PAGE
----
Cardiac Failure and Its Reasons. In cardiac failure or de­compensation the heart, for one or more reasons, the blood is not circulating at a satisfactory rate. Blood arrives at the right atrium from the superior and inferior venaecavae, having made its circuit through the body. The heart moves this venous blood into the right ventricle, through the lungs for gas exchange, and via the left atrium and ventricle into the aorta. In health, the heart accomplishes this without faltering. Thus it does not allow an abnormal amount of blood to accumulate in the veins of the body, in any cham­bers of the heart, or in the lungs. The rate of flow in health is sufficient to provide normal pressure in the systemic arteries and veins and in the vascular bed of the lungs, v The diseased heart may have such a handicap as to be unable to move the blood satisfactorily. If this deficit is moderate, it may occur only during physical exertion, for example, in climbing stairs or running. Under these circum­stances, the muscles of the legs need a faster-moving blood stream because of their greater work. The heart is called upon to speed up the flow. If, by reason of a mechanical handicap such as a leaking or constricted valve, the heart cannot increase its output to meet the demands of the mus­cles, then the body will suffer from the inadequacy. The same is true when the heart is weak because of a diseased condition of its fibers. The following changes may take place during the period of "failure" of the heart to do its job pro­perly.

1) The capillaries and all veins, minute and large, will contain more than a normal amount of blood.

2) The hydrostatic pressure will be greater than normal in these areas.

3) The blood in these areas will have a greater amount of carbon dioxide and waste products of the muscles.

4) The blood will have less oxygen combined with hemo­globin because the need of the active muscles has withdrawn more oxygen than in a restful state.

5) The removal of carbon dioxide and the acquisition of oxygen in the lungs may be so reduced that the blood pum­ped into the aorta and the arterial tree may contain more carbon dioxide and less oxygen than it should.

6) Cyanosis may be seen in the lips, mucous membranes, nail beds, and some areas of the skin. The cause is insuffi­cient oxygen saturation of the hemoglobin.

7) Dyspnea may occur. The causes are excess of carbon dioxide in the arterial blood and reflexes from the lungs whose vessels are engorged and full of blood.

Edema may be present, involving not only the lung tissue but also the ankles, the legs, liver, and sometimes all areas below the heart. Fluid may exude into the air sacs of the lungs, where it may be heard with the stethoscope, or later, in severe cases such as gargling, by the unaided ear. Water is caused to leave the capillaries and accumulate in the tissues.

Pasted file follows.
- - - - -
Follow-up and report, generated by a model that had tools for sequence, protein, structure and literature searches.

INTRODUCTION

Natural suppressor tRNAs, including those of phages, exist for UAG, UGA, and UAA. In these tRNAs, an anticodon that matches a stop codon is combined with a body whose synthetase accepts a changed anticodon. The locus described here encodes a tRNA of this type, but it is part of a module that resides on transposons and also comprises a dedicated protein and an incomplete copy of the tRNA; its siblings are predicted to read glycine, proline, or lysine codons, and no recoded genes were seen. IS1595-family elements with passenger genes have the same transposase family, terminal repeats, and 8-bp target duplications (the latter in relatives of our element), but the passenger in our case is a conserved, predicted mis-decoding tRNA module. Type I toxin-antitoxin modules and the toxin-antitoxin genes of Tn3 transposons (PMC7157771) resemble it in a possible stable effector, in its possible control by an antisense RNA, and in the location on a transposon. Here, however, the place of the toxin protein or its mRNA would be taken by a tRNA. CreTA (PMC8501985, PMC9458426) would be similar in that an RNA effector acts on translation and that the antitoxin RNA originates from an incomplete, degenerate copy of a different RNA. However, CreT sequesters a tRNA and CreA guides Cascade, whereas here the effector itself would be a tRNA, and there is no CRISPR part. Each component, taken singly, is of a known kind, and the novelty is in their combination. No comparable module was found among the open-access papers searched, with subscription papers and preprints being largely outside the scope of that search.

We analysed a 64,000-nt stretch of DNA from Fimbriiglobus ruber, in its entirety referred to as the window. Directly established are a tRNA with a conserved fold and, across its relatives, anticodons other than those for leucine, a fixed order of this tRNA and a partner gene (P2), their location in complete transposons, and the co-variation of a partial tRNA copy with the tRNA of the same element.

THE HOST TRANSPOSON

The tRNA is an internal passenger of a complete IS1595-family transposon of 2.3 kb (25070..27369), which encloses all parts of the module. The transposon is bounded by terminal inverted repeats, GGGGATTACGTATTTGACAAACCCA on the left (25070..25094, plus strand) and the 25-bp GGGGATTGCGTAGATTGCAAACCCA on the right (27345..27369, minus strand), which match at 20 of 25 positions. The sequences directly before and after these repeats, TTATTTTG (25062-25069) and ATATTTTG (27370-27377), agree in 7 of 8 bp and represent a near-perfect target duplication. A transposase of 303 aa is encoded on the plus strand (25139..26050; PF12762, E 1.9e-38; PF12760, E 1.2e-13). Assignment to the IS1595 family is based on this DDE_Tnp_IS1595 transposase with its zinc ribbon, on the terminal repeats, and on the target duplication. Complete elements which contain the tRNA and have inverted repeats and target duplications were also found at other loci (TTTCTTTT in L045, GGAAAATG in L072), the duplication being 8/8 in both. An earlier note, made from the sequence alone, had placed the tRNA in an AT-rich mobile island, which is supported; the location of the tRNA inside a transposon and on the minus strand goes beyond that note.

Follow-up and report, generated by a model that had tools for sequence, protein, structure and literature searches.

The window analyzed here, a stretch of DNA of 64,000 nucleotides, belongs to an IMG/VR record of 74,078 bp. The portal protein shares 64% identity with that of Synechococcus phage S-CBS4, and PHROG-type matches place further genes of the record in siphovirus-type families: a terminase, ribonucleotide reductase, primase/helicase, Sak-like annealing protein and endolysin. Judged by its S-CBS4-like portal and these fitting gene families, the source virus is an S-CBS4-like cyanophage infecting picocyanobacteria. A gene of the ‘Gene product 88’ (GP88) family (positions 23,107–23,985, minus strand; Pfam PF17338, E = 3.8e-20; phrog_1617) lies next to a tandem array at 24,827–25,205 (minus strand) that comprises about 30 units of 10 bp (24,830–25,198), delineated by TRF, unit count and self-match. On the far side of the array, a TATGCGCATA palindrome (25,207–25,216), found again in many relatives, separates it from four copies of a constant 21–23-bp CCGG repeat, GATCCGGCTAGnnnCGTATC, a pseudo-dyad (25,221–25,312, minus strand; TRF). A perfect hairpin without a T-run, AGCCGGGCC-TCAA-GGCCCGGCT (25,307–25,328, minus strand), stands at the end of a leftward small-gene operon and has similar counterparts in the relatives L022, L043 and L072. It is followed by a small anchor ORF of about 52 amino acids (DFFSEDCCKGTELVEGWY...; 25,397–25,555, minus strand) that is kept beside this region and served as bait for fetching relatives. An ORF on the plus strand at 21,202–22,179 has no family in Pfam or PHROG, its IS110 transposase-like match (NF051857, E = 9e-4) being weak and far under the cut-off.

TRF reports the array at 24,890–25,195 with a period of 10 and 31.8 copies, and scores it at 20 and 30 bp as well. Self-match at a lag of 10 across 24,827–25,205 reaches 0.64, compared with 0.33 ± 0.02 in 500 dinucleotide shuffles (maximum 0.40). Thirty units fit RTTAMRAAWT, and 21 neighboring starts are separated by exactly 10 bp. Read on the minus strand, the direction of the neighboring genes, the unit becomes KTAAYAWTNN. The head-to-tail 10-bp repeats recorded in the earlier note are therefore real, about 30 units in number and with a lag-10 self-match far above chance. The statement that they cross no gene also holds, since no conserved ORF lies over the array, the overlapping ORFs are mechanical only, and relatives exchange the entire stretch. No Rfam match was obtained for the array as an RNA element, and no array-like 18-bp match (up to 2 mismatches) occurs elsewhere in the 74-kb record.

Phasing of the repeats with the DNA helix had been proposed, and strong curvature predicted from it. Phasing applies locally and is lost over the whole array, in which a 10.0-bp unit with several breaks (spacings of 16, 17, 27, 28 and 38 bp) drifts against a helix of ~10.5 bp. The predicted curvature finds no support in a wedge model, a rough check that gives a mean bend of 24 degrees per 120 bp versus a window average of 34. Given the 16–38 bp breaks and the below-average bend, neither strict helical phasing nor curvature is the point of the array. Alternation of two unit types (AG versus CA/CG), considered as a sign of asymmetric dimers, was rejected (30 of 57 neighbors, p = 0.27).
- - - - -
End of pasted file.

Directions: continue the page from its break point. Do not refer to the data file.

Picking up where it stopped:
Cardiac Compensation. We speakof the heart as being com­pensated when it is able to meet its responsibility quite well. By hypertrophy (increase in muscle mass) and dilatation, both causing enlargement, it compensates for its defect (a stenosed or regurgitating valve) or for the extra load imposed by high blood pressure in the arteries.

If, for example, the normal output of the heart of an in­dividual at rest is 60 ml, and a leaky valve allows 20 ml to flow backward into the preceding chamber through which it had just passed, the chamber may enlarge to hold 80 ml or more. If it then ejects this new amount, and 20 ml return through the faulty valve, the effective propulsion is in the original normal amount, 60 ml. The chamber has compensated for the defective valve. The compensated heart, with a nor­mal rhythm (regular pulse) and satisfactory rate, needs no specific medication.

Cardiac Decompensation. There is, however,a physiolo­gical limit to which a heart is able to compensate for the burden placed upon it by certain disease states. If the bur­den upon the myocardium is too great or lasts too long, the muscle may become so fatigued that it cannot accomplish what it did earlier. It cannot produce the vigorous contrac­tions to expel, with each beat, all or nearly all the blood that it contains. Then some blood is always present within the chambers, contributing to the enlargement. The move­ment of blood from the veins through the lungs and heart and into the arteries and capillaries is slowed down, and "failure", or decompensation, is then present. Cardiac failure may be present when the heart is functioning at 90 per cent efficiency or any fraction of the normal 100 per cent effecti­veness.

Drugs Used in Cardiac Decompensation. A drug extracted from a plant of the digitalis group is indicated in almost all cases of heart failure.

If correctly used, a drug of this group will usually restore so much functioning strength to the weakened heart muscle that a patient who has been a semiinvalid or moribund in acute failure may live many years with quite adequate heart action.


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